The launch of an Arabic version of the 2011 Sphere Handbook, which sets out best practice in the delivery of humanitarian aid, comes at a time of major political, economic and social change across the Middle East and should help streamline humanitarian responses, say aid officials in the United Arab Emirates (UAE).
“The Sphere Handbook has informed our response to various disaster situations, most recently those in Yemen, Pakistan and Libya,” Mohammed Khalifa Alqamzi, secretary-general of the UAE Red Crescent Authority, said during the launch in Abu Dhabi on 23 June.
The new Sphere Handbook is also available in Russian, Spanish, French and German.
During the launch of the revised English edition of the handbook in New York in April 2011, Valerie Amos, UN under-secretary-general and emergency relief coordinator, said: “The Sphere standards are the benchmark for ensuring humane and fair humanitarian assistance to people in need around the world… "I hope that all organizations that provide humanitarian aid will become familiar with the standards and use them," she added.
Speaking at the Arabic launch, Sultan Al Shamsi, executive director of the UAE Office for the Coordination of Foreign Aid, said it was important for Arab donor organizations to apply agreed minimum standards in their relief operations. “[Arab] aid workers need to be aware of the mechanisms to deliver aid and to be accountable according to these internationally accepted standards,” he added.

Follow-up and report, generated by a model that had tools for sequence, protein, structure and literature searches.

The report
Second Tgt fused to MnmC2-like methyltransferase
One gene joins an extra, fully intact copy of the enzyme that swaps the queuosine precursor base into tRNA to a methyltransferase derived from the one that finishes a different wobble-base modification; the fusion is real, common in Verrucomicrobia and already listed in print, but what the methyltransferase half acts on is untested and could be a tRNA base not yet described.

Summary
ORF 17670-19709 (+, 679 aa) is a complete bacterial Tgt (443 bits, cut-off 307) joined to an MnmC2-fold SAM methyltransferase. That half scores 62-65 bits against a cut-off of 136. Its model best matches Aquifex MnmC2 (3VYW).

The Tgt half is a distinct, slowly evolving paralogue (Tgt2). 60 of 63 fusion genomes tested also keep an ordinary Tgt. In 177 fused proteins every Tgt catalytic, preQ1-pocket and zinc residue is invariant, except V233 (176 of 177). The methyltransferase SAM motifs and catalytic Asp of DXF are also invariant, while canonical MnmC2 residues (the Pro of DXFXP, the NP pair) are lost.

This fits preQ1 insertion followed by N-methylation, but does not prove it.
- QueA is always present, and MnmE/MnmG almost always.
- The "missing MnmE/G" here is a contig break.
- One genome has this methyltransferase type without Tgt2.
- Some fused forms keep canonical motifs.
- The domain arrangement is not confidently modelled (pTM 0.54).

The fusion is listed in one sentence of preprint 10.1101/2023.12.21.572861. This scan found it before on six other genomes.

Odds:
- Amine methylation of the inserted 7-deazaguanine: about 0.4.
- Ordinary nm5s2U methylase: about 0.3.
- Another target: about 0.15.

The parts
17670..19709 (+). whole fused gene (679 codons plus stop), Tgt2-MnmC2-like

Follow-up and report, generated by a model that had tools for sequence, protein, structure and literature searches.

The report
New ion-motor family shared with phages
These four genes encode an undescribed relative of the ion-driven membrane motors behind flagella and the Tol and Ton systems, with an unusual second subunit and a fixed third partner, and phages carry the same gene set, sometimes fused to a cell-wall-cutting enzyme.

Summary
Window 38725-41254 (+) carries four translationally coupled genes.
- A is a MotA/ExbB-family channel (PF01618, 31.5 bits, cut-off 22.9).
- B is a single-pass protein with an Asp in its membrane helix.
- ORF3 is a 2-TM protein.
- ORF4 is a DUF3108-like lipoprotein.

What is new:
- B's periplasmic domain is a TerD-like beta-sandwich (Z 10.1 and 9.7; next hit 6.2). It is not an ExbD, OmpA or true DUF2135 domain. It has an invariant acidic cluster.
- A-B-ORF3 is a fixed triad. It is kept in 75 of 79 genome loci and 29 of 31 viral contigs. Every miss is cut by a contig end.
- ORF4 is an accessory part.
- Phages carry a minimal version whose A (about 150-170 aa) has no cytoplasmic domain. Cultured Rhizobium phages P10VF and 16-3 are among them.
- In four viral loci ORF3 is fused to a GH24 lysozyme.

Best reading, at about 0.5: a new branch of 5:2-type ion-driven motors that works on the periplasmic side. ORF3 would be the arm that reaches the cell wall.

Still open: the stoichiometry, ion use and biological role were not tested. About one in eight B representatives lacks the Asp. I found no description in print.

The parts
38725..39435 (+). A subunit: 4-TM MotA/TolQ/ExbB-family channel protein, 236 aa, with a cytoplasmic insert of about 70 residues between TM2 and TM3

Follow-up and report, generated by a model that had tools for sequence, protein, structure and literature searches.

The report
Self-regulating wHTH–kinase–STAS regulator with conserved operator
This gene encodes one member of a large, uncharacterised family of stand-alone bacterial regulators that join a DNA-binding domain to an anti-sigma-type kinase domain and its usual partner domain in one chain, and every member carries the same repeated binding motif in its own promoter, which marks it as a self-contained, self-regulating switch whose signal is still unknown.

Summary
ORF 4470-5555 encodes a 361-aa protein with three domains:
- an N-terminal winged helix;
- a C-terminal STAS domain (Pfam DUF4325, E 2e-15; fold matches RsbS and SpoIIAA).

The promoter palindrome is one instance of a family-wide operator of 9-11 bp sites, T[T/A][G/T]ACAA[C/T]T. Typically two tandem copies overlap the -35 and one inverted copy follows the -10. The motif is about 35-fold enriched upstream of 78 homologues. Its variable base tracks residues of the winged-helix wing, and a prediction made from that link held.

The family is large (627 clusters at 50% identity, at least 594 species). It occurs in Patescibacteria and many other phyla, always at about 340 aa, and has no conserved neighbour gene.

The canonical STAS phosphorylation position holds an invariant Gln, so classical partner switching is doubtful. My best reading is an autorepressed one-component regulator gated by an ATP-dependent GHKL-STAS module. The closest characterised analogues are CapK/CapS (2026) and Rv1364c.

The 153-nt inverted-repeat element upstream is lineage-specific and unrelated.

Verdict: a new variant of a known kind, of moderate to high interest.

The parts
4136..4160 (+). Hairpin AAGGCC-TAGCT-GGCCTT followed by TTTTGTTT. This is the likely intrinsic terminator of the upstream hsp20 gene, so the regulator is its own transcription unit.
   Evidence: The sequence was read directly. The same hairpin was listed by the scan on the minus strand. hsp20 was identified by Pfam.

According to Khaled Khalifa, head of IRIN Dubai office and Sphere trainer, the “lack of specialized humanitarian studies in Arabic represents a major challenge for Arab aid workers who strive to embrace new theories and practices in the field. The Arabic edition of the Sphere handbook is a good tool which contributes to bridging this gap.”
The Humanitarian Charter, which describes core principles that should govern humanitarian action, is the foundation of the handbook. The core principles include avoiding exposing vulnerable people to further harm as a result of response, ensuring their access to impartial aid, protecting them from physical and psychological harm due to violence or coercion and assisting them to claim their rights and recover from abuse.
This article was produced by IRIN News while it was part of the United Nations Office for the Coordination of Humanitarian Affairs. Please send queries on copyright or liability to the UN. For more information: https://shop.un.org/rights-permissions